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PLoS By Category | Recent PLoS Articles
Gastroenterology and Hepatology - Infectious Diseases - Non-Clinical Medicine - Public Health and Epidemiology - Geriatrics

High Prevalence of Clostridium difficile Colonization among Nursing Home Residents in Hesse, Germany
Published: Wednesday, January 11, 2012
Author: Mardjan Arvand et al.

by Mardjan Arvand, Vera Moser, Christine Schwehn, Gudrun Bettge-Weller, Marjolein P. Hensgens, Ed J. Kuijper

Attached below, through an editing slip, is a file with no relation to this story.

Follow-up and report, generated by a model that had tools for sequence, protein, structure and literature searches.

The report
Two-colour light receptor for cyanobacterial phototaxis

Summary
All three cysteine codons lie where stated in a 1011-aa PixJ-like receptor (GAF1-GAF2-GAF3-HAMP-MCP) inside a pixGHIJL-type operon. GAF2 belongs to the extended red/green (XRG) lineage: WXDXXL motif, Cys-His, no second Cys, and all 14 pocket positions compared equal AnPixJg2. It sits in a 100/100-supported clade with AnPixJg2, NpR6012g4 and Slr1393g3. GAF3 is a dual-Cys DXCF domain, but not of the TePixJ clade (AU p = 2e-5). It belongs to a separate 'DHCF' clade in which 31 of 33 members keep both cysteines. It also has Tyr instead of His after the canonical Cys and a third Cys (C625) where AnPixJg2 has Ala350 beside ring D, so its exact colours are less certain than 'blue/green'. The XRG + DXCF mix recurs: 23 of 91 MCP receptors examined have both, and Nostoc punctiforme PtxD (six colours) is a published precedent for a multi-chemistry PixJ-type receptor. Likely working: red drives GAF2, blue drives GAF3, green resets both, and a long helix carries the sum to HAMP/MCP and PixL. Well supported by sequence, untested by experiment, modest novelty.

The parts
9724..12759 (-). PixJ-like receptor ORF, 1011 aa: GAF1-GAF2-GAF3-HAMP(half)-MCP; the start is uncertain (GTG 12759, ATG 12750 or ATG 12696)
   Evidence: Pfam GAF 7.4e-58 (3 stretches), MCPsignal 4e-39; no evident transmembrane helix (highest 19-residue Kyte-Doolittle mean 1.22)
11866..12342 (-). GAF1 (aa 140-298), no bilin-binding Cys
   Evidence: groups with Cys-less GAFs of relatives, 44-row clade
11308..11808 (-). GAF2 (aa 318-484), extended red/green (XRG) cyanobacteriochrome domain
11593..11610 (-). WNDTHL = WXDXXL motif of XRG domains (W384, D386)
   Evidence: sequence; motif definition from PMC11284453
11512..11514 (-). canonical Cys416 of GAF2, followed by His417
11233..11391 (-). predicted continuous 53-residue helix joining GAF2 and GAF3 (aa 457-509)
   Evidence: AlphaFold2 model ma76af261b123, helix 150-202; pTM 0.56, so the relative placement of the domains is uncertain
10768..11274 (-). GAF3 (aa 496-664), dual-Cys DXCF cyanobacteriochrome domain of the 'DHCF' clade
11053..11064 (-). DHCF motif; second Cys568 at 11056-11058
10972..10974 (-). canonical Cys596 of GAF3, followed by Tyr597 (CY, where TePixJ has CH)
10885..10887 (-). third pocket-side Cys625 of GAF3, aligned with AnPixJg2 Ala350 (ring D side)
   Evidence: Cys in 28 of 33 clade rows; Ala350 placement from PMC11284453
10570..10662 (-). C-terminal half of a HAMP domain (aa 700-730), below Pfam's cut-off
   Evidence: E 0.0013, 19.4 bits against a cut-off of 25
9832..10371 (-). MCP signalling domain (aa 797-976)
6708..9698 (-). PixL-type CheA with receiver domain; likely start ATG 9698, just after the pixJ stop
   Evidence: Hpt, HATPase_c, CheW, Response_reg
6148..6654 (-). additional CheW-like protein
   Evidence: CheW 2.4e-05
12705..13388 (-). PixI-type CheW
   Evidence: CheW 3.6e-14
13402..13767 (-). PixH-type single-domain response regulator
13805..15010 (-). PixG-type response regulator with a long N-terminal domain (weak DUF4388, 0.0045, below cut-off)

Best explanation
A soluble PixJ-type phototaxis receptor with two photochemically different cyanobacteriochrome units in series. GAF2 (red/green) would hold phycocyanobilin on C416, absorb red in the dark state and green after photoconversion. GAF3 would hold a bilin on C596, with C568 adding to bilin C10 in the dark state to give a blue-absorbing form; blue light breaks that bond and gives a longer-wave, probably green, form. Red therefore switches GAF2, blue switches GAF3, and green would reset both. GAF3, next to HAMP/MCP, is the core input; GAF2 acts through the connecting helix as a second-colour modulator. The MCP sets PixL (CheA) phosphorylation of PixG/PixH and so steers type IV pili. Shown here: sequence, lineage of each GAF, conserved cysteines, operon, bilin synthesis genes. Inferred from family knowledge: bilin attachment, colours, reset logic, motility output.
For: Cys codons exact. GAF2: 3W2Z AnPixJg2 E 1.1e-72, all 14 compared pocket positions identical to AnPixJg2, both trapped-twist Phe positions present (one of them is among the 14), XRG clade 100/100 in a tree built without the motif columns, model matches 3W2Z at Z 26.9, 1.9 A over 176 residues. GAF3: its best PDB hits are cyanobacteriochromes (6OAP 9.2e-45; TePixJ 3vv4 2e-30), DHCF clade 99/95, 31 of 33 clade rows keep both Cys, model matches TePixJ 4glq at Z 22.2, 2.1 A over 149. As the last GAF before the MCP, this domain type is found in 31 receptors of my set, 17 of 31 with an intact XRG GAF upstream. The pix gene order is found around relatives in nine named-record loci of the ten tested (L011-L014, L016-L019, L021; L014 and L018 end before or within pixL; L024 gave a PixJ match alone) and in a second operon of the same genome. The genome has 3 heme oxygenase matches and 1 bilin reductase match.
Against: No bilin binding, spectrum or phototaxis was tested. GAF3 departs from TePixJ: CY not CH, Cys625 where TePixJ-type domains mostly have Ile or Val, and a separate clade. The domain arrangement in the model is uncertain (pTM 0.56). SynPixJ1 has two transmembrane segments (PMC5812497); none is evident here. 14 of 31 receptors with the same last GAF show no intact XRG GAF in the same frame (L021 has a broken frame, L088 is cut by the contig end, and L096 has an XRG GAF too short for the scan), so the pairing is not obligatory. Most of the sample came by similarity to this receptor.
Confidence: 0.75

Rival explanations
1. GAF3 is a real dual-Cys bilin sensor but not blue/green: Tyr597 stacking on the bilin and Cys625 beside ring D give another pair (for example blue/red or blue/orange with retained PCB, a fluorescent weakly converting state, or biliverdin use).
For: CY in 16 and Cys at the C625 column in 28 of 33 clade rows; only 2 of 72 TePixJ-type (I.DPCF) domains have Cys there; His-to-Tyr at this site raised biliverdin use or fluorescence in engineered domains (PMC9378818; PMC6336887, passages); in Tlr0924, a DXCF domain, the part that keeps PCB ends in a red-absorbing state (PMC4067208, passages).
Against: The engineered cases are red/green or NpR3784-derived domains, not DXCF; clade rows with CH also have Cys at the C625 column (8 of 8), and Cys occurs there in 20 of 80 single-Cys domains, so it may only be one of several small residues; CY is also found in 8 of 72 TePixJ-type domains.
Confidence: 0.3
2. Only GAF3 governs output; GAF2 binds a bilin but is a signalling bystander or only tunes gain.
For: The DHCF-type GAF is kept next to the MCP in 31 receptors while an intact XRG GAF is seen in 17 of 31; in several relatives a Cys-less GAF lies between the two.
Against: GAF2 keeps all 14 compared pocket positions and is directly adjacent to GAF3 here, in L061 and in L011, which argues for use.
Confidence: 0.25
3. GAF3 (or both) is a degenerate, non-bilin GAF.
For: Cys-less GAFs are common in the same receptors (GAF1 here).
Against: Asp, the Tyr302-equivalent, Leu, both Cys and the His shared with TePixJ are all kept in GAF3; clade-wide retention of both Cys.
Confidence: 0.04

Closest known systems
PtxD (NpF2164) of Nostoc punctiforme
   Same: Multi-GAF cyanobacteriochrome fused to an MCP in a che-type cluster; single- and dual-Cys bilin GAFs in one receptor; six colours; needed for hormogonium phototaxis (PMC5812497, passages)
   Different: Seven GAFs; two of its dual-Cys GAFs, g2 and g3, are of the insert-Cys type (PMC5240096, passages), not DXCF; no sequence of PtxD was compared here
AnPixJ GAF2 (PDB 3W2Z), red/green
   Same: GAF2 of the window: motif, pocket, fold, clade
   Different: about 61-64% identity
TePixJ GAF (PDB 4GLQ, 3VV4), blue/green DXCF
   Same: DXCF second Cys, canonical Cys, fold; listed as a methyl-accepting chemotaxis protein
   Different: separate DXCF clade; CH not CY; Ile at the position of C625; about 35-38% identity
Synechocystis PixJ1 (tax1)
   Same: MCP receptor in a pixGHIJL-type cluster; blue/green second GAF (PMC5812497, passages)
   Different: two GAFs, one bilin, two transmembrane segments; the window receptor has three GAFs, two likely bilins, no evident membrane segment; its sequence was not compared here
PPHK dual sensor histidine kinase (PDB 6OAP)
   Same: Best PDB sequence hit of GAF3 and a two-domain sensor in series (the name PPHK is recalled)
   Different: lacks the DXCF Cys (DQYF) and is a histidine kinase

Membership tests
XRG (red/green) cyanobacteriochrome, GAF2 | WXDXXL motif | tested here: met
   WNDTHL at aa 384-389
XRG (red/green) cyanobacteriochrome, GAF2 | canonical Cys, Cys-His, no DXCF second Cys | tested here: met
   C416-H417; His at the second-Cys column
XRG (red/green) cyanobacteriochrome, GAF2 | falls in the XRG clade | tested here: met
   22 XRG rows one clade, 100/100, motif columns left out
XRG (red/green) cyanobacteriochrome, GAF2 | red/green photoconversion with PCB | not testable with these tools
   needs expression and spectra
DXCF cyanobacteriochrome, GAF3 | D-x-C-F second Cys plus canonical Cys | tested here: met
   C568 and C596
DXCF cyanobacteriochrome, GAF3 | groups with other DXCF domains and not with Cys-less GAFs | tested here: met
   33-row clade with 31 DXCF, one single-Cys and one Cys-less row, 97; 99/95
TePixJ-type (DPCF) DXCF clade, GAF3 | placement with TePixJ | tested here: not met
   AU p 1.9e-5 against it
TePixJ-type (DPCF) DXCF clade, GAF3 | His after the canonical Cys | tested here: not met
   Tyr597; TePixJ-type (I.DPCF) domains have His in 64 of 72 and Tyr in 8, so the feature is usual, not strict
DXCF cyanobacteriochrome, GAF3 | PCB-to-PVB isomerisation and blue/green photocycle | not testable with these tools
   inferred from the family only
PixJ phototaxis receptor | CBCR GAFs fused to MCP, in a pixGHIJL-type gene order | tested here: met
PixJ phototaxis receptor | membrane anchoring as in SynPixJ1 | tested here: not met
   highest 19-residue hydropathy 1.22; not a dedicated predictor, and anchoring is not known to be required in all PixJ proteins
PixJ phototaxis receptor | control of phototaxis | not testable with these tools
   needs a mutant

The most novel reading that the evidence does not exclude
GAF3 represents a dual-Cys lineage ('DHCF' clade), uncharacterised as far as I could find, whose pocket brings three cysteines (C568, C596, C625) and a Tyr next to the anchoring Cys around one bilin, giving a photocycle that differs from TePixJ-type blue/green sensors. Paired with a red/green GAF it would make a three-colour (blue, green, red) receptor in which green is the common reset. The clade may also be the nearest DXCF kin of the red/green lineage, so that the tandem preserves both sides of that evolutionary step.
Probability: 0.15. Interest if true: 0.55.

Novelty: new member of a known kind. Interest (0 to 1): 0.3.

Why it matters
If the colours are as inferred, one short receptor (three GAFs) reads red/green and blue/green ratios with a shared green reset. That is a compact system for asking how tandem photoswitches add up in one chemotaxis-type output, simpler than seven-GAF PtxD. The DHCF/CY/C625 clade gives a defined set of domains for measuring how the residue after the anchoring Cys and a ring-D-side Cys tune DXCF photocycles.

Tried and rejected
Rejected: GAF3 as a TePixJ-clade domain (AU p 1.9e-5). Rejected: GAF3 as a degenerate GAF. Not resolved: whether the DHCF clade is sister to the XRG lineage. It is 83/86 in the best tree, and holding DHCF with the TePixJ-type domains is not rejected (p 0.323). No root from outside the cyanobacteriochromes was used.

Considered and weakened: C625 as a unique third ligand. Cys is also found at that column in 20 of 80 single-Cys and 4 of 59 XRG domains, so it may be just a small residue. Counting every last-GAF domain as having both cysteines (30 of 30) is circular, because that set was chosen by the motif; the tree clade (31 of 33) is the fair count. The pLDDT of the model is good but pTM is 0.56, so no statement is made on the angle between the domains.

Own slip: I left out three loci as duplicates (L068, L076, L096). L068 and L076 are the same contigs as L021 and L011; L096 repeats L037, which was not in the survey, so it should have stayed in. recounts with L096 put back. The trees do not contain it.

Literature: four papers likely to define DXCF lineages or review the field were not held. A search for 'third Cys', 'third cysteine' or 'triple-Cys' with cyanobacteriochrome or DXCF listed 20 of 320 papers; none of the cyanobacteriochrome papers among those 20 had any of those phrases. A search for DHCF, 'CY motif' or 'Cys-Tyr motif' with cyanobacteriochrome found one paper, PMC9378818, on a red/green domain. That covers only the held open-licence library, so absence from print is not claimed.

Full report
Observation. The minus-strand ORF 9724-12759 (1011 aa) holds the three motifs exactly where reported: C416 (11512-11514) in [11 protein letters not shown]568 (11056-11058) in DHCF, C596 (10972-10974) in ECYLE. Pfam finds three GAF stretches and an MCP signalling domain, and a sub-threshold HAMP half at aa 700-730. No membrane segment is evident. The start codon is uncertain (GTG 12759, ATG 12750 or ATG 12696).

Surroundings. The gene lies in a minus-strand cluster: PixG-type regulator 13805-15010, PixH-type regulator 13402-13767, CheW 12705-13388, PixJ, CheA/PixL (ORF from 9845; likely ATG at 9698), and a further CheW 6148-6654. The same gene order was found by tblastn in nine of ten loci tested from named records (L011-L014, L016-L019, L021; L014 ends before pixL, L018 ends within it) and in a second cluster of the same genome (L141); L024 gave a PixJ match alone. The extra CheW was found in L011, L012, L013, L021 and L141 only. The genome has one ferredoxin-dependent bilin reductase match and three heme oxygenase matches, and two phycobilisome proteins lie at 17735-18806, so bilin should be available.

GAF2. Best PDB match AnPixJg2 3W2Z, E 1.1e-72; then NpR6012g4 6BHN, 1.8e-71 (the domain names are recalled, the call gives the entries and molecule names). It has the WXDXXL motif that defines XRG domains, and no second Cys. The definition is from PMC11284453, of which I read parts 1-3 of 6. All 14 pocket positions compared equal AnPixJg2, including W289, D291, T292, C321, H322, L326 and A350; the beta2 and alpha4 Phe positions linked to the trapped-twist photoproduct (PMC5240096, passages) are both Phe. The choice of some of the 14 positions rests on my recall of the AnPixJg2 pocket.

Clostridium difficile is the most common cause of antibiotic-associated diarrhoea in hospitals and other healthcare facilities. The elderly are particularly susceptible and at increased risk for adverse outcome as a result of C. difficile infection. The aim of this study was to determine the prevalence of C. difficile colonization among residents of nursing homes in Hesse and to compare it with the prevalence in the general population living outside long-term care facilities (LTCF). We assessed possible risk factors for C. difficile colonization and determined the genotype of circulating strains. C. difficile was isolated from 11/240 (4.6%) nursing home residents and 2/249 (0.8%) individuals living outside LTCF (p?=?0.02). Ten of 11 (90.9%) isolates from nursing homes and one of two isolates from the population outside LTCF were toxigenic. The prevalence of C. difficile colonization varied from 0% to 10% between different nursing homes. Facilities with known actual or recent CDI cases were more likely to have colonized residents than facilities without known CDI cases. C. difficile PCR-ribotypes 014 and 001 were the most prevalent genotypes and accounted for 30% and 20% of toxigenic isolates in nursing homes, respectively. Interestingly, no individuals carried the epidemic strain PCR-ribotype 027. Our results suggest that residents of nursing homes in Germany are at high risk for colonization by virulent C. difficile strains. The high prevalence of C. difficile colonization in nursing homes underscores the importance of good adherence to standard infection control precautions even in the absence of a diagnosed infection. They also emphasize the need for specific programs to increase the awareness of healthcare professionals in LTCF for CDI.
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